The Whistlers (15) ****
Infinite Football (N/A) ****
In Search of Greatness (N/A) ***
The Wretched (15) **
In The Whistlers and Infinite Football, Romanian director Corneliu Porumboiu continues to interrogate his country’s past in playfully profound ways. Premiering a year apart at Cannes (The Whistlers debuted last year, Infinite Football the year before), but released for the first time on VOD this weekend, they make an intriguing double bill, reconfirming the full range of Porumboiu’s talents as both the sly political satirist and humanist behind 12:08 East of Bucharest and Police, Adjective, and as a master filmmaker able to deconstruct the very forms he’s working in.
At first glance the films couldn’t be more different. Where The Whistlers initially plays like a self-conscious genre exercise, Infinite Football is a low-key documentary following one man’s obsessive quest to develop a new version of the beautiful game. And yet, as other stories intrude on what we think are the main narratives and subtle tonal shifts start to reveal deeper truths beneath the absurdity of their respective premises, neither film conforms to the expected beats of their respective formats.
In The Whistlers, that absurdity stems from the film’s titular conceit. As it opens, its protagonist, a crooked cop named Cristi Anghelache (Vlad Ivanov), arrives on the Canary Island of La Gomera to infiltrate a gang intent on using the local whistling language to communicate with each other and avoid surveillance as they attempt to steal e30 million. Though Cristi’s allegiances aren’t entirely clear – he may be using his undercover status for his own financial betterment or testing the degree of corruption required to get the job done – we know that his arrival on La Gomera has something to do with Gilda (Catrinel Marlon), a beautiful femme fatale, also from Bucharest, who may or may not be playing the gang off against the Romanian criminal they’re planning to steal the loot from.
Porumboiu doesn’t shy away from the set-up’s inherent movie-like nature here. In fact, as the film’s fractured narrative proceeds, he draws attention to it, even contriving a way to have the film’s big action scene take place on an abandoned film set. But seasoned viewers of Porumboiu’s work will also recognise The Whistlers as a sly sequel to Police, Adjective – not just in its exploration of the way language is used to negotiate a specific milieu, but in the literal sense too: Ivanov is reprising his officious police captain from that film, only here he’s been recast as a man adrift in a world where the prescriptive certainties of a country in the process of putting its legacy as a police state behind it has given way to a very different form of ruthlessness: the everyone-for-themselves chaos of post-financial-crash Europe. Amid all the geeky film references and breezy heist-going-wrong shenanigans, this gives The Whistlers real substance.
In some respects Infinite Football is also an exploration of a search for order in the years since Ceausescu’s fall in 1989 and, later, Romania’s entry into the EU in 2007. This time, however, Porumboiu is exploring it via a far gentler character with a more optimistic view of humanity. This is Laurentiu Ginghina, a middle-aged bureaucrat whose quixotic plan to reinvent football – it involves splitting the field in two and subdividing the teams to make the players more static and the ball more fluid – echoes, at first, the confusion of Nigel Tufnel’s efforts to make guitar amplifiers louder in This Is Spinal Tap. But this is no exercise in mockery or exploitation. Ginghina is an old acquaintance of Porumboiu (the director was friends with his younger brother in school) and, as we gradually learn his story over the film’s densely packed 70-minute running time, Porumboiu presents us with a remarkable portrait of how an ordinary man’s personal history can intersect with the political realities of his times and inspire him to apply what turns out to be a formidable intelligence to develop not so much a new sport, but a blueprint for a new way of living. The leaps that get us there are so subtle that the philosophical reach of the film’s finale – which, like The Whistlers, is built around a linguistic flourish – proves unexpectedly thrilling.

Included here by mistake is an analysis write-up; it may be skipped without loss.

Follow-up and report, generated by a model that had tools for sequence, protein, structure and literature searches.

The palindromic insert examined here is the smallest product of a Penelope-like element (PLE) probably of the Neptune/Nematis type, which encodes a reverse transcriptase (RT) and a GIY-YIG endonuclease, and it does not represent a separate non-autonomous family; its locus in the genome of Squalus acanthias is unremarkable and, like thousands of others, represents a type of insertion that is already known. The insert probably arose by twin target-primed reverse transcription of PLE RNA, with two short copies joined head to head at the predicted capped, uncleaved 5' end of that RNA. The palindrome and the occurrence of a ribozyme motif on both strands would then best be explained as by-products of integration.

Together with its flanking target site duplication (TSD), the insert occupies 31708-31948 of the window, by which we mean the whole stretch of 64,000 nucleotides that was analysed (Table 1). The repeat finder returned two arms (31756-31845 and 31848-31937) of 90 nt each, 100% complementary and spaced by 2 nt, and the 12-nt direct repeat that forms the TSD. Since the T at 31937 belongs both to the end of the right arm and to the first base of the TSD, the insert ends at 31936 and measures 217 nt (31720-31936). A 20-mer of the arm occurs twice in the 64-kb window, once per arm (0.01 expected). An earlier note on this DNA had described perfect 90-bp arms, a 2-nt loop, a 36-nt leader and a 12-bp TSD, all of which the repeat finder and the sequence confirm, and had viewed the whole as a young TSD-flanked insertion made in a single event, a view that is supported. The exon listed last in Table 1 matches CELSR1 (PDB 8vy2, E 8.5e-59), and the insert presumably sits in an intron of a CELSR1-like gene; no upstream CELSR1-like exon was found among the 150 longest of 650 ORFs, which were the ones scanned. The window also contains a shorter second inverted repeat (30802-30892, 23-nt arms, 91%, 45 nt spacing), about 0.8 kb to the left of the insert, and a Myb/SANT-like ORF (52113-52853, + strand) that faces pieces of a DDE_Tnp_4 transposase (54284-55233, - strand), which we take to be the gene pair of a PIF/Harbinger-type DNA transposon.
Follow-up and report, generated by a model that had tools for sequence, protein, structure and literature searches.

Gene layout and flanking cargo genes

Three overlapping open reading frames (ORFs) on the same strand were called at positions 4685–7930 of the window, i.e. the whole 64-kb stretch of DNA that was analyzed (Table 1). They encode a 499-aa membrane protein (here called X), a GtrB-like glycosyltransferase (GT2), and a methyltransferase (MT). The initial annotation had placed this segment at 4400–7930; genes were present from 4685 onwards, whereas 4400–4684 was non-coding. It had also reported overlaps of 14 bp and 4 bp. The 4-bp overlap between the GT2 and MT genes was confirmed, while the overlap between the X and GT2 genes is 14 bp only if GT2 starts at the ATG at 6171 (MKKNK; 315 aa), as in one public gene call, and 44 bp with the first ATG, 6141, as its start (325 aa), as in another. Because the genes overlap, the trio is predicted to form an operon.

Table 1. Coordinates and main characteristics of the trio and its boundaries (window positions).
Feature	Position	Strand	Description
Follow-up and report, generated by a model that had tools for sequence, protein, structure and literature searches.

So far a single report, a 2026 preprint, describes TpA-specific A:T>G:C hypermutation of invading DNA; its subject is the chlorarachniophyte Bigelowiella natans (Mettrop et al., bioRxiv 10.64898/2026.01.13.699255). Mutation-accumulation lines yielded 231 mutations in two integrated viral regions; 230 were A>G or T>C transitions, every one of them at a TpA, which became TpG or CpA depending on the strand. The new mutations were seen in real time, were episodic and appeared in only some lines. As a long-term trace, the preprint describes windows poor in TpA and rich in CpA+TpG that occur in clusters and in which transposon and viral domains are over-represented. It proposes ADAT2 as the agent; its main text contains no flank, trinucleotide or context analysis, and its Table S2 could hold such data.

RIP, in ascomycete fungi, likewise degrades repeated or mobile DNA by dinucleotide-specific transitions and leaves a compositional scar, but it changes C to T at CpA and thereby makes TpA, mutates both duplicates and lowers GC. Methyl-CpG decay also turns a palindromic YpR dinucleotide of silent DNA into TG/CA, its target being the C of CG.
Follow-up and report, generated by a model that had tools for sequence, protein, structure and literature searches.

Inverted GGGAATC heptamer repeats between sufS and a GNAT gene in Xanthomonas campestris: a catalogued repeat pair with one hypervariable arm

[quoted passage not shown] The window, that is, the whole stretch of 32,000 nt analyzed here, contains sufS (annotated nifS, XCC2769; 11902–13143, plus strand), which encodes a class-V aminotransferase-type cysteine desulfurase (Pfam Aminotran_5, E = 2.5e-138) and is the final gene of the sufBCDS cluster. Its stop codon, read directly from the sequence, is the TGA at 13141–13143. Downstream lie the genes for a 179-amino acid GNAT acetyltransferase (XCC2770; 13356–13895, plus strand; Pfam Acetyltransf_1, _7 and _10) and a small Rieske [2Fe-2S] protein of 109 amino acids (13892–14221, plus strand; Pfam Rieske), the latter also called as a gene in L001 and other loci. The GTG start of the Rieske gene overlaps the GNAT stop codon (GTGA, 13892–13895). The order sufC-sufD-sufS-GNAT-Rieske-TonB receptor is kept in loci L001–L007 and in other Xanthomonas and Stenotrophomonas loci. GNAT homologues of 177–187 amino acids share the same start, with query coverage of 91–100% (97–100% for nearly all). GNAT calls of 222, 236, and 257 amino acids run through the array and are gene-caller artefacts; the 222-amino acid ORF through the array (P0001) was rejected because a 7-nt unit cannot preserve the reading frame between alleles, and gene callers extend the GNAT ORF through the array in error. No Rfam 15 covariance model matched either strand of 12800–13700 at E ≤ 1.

Sport happens to be the lens through which documentary maker Gabe Polsky (Red Army) explores the over-used term of genius in his new film In Search of Greatness. Extensive interviews with the likes of Canadian ice hockey legend Wayne Gretzky, American Football star Jerry Rice and Brazilian football supremo Pelé lend credence to his thesis that talent can’t be quantified and honed into excellence through rigorous statistical analysis. On the contrary, it needs to be allowed to develop creatively at a young age so that it can thrive by allowing its possessor to push against the boundaries and regulations of their chosen field of excellence when their passion becomes their profession. It’s a very watchable doc, if a little vague when it expands its scope beyond its main interviewees to explore musical mavericks like Bowie, Hendrix and The Beatles.
A horror movie about a witch preying on the children of a small American town sounds like the sort of schlocky movie that could nevertheless have interesting things to say about gender in the current era. Sadly, The Wretched has very little on its mind beyond serving up a few nifty special effects in service of a plot stitched together from various slasher movies of yesteryear.
The Whistlers and Infinite Football are available on Curzon Home Cinema; In Search of Greatness is available to stream on Amazon Prime, iTunes and Now TV; The Wretched is available on all major VOD platforms